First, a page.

Trainings on seed quality have helped in producing high quality seeds for range grasses in the ASALs. Production of good quality pasture seeds depend on good pasture establishment management, harvesting and storage. It was observed and noted that storage of most of the seeds was not as per the recommended conditions, a factor which is likely to affect their quality negatively. Other factors that determine the quality include storage container type and harvesting methods (Mnene 2006). Many samples brought by famers mainly from Makueni and Kajiado Counties for testing between the years 2008 and 2014 were between 35-90% viable for the different species as indicated in Table 2. There is a gap in knowledge about pasture seed handling despite the efforts train farmers and other parties in pasture seed production. There’s a need for follow ups and technical backstopping such as capacity building and where necessary offer incentives for lead famers and trainers, learning institutions so that the process of producing quality seeds is enhanced and sustained.

Table 2. Viability tests for range grass farmer seed and seeds harvested on-station carried out at KALRO Kiboko Laboratory


% Germination





Cenchrus ciliaris





Chloris roxburghiana





Enteropogon macrostachyus





Eragrostis superba





Other than E. macrostachyus species the quality of pasture seeds tested remains low and there is need for further research on improvement of quality. Farmers should be encouraged to bulk their own seed as it has shown to be as better quality just like the seeds produced on station if not better (Ogillo, 2010) The eventual success of pasture establishment, reseeding and forage production initiatives will wholly depend on the seed quality.

Fodder and seed marketing

The main marketing agents of fodder and basic pasture seeds suitable for the ASALs in Kenya have been identified as individual farmers, independent grass seed traders, Government departments (parastatals such as Kerio Valley Development Authority (KVDA) and Kenya Agricultural and Livestock Research Organization (KALRO), (Lugusa 2016). Non-governmental organizations also form important actors of the fodder and pasture value chain in the ASALs. Most of the pasture seeds is sold to Government departments and NGOs for distribution to farmers for pasture establishment or reseeding degraded areas. The prices of seeds vary depending on the species but ranges between Ksh. 175- Ksh.1000 ($1.75-$10) depending on the species (Lugusa 2016; Manyeki 2015).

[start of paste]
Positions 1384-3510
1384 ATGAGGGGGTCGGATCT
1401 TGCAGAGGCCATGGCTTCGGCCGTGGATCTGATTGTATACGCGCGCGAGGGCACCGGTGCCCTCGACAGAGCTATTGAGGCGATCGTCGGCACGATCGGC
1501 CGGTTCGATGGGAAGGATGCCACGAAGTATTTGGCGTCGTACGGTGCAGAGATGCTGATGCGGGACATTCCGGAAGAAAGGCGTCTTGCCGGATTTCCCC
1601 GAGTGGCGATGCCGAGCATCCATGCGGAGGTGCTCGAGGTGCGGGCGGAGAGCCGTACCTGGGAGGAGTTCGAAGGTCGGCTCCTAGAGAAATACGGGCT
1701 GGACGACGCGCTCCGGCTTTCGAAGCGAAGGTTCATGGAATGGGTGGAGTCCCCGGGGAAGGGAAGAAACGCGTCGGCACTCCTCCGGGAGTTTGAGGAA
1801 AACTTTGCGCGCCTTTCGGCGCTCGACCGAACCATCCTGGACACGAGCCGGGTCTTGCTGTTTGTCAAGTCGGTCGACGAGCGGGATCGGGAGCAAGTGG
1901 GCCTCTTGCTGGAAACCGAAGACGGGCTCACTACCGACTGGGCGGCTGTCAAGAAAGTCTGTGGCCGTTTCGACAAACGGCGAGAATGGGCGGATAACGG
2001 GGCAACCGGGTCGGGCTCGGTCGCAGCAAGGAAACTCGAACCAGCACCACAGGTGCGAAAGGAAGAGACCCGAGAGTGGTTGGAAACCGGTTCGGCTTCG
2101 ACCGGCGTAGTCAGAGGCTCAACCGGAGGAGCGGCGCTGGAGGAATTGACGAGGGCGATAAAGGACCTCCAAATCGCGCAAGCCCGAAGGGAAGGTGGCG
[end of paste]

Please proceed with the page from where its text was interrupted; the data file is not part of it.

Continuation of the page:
It is ironical that lack of market and marketing strategies for pasture seeds was cited as an impediment to range pasture seed production venture by some farmers and backstopping extension staff. At one instance in 2011, a farmer group in Moyale had over 500 kg of Cenchrus ciliaris seed while another in Wajir County had over 200 kg. Another group in Amboseli, Kajiado County had over 150kg of Eragrostis superba as of 2014. Range pasture seed demand is always high during the period just before the rain seasons. Those sellers unable to dispose the seeds during this period eventually have to remain with the seeds for longer periods – a factor which compromises the quality. This disconnect therefore shows the need to accelerate the formalization of range forage seed supply chains in the rangelands.

In several parts of the ASALs, several large scale farmers have ventured into large scale fodder production particularly for income generation. One such farm located at Sultan Hamud harvested 3000 bales for which each bale was sold at Ksh. 250 ($2.5) during the 2015/2016 season mainly to peri-urban livestock keepers (Personal communication). Marketing of fodder is not a problem especially during the long dry season period when feed availability is a challenge.

Generally fodder and fodder seed production can be profitable ventures despite the changing climatic conditions which hardly favour sustainable crop production. However, there should be organization of farmers into marketing groups and cooperatives so that the bargaining power, ability to sell their pasture products and sharing of revenues is effectively handled. In addition, bylaws and group constitutions can guide the efficient running and decision making of these farmer groups.

Uptake and adoption of pasture and fodder improvement technologies

Manyeki 2013, reported that the adoption and uptake of range pasture technologies in the southern rangelands is highly dependent on age and education level of household head, land ownerships and affiliation to farmers groups. Other factors affecting fodder and pasture adoption technologies in Kenya include farmer participation in on-farm trials, farming experience (Wanyama et al 2003) and land ownership (Mureithi et al 1998). This has been demonstrated in the follow ups after the trainings and demonstrations, where mostly the actively participating household heads who mostly own land and who attend, are the ones seeking seed material for planting.

A follow up investigation by Manyeki (2012) following the participatory farmer engagement, carried out to estimate the adoption status in pasture improvement technologies in two sub-counties of Mashuru (Kajiado County) and Makindu (Makueni County) found the results in Table 3.

Table 3. Adoption rate of Natural pasture improvement technologies in the study two sites


Farmers adopted

Farmers not adopted

Makindu (N=61)



Mashuru (N=38)



More awareness needs to be done by the different actors to hasten the process and progress of adoption of technologies especially with the prevailing social, ecological and economic conditions since uptake is still not to the desired levels.



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Received 19 May 2016; Accepted 11 July 2016; Published 1 August 2016